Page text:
The window sill is a horizontal ledge at the bottom of a window opening. It sheds water away from the window and protects against moisture. It can be made of various materials and comes in different profiles and designs.
The width, depth, and finish of the sill depend on functional and aesthetic considerations. It should integrate well with the building’s architecture and surroundings.
Image of window sill detail and downloadable (in DWG) link below
Window sill/cill detail drawing – 1
A typical window cill detail drawing in architecture would include:
- Overall dimensions: The drawing would indicate the width, height, and depth of the window cill.
- Profile: The profile of the window sill would be shown, indicating the shape and contour of the edge. It could be a simple flat profile, a sloped profile for water runoff, or a more ornamental design depending on the architectural style.
- Material: The drawing would specify the material to be used for the window cill, such as stone, wood, or metal. The specific type and finish of the material may also be noted.
- Connection to the wall: The drawing would illustrate how the window cill connects to the surrounding wall. It may show details of anchoring methods or support brackets if necessary.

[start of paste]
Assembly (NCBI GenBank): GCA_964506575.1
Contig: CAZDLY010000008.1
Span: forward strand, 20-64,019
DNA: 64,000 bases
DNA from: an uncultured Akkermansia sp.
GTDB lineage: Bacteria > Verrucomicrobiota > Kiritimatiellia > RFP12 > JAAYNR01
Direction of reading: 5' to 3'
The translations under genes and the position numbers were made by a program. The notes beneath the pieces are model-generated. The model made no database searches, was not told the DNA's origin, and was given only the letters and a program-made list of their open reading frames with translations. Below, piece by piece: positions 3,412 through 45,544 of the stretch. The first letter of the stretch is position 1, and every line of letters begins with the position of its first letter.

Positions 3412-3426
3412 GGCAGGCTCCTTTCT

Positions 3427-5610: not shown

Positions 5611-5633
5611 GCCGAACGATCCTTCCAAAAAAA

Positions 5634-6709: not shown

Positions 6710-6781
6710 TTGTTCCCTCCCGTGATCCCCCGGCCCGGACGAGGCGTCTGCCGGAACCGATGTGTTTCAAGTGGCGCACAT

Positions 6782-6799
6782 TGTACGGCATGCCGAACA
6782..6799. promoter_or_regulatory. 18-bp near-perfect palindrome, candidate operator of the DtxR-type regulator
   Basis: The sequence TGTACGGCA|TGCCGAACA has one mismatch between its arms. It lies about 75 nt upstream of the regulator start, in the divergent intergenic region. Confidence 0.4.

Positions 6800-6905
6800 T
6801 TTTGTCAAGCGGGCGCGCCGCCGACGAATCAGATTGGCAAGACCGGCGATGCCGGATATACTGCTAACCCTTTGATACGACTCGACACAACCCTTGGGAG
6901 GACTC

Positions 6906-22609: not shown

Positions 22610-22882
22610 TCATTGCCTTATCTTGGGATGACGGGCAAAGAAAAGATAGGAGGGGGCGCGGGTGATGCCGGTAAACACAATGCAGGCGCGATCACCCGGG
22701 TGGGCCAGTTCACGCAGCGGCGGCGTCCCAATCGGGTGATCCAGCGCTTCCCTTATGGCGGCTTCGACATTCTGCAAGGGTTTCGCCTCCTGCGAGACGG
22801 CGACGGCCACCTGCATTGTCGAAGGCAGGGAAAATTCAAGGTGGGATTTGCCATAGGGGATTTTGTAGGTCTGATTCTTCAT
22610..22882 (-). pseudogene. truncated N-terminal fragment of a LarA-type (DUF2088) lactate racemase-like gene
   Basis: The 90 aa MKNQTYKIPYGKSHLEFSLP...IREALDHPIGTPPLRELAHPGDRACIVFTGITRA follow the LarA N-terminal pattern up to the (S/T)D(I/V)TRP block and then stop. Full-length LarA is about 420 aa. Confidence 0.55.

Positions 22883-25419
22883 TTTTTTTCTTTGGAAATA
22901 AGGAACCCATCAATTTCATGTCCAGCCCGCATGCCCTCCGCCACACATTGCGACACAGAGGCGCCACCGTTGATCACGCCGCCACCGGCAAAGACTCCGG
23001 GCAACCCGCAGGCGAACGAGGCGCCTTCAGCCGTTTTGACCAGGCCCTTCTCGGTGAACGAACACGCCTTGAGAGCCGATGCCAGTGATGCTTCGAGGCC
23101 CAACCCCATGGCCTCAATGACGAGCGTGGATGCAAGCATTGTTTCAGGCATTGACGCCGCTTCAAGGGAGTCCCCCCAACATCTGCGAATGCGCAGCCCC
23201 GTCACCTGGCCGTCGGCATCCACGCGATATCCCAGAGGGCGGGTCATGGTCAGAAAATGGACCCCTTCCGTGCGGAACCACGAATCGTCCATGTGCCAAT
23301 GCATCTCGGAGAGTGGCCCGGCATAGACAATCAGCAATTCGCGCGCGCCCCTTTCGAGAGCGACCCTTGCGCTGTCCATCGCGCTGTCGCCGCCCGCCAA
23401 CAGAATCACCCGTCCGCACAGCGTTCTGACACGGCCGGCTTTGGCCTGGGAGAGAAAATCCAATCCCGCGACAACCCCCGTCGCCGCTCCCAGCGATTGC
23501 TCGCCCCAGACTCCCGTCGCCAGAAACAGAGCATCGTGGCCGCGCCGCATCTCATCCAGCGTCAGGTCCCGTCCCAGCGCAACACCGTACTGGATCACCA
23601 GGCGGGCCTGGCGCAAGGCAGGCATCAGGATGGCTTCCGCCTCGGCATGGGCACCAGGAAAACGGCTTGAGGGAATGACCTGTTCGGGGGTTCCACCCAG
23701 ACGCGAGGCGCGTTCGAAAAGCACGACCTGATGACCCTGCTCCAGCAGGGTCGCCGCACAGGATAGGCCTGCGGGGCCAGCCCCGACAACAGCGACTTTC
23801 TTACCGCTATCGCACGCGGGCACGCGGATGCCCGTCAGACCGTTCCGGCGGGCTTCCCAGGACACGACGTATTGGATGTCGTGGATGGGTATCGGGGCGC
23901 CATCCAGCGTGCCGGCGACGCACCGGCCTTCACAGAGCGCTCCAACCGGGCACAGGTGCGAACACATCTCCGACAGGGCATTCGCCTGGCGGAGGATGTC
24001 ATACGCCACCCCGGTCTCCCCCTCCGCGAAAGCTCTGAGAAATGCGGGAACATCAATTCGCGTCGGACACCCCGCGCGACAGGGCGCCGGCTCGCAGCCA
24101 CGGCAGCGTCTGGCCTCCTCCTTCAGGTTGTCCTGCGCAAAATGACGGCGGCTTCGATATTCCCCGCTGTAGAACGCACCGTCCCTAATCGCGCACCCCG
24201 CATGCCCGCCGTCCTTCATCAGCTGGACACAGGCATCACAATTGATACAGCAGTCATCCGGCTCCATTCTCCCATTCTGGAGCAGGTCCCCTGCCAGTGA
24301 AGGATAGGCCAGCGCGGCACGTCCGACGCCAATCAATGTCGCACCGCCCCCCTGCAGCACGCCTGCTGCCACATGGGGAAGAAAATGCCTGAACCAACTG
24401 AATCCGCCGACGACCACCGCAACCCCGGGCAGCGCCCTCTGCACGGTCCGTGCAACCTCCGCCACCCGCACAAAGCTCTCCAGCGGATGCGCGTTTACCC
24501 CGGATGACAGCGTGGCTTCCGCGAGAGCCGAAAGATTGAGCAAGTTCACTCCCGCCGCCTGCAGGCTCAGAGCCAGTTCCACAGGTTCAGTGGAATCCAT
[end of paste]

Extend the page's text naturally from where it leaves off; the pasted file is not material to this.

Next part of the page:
- Surface treatment: If there are any decorative elements or moldings on the window cill, the drawing would indicate their design and placement.
- Joint details: The drawing may include information about joints between the window cill and adjacent materials, such as the window frame or wall surface. This would ensure proper sealing and weatherproofing.
Please note that it is always best to consult with a professional architect or drafter to create accurate and detailed architectural drawings for specific projects.
Our tips to help you improve your architectural window sill detailing.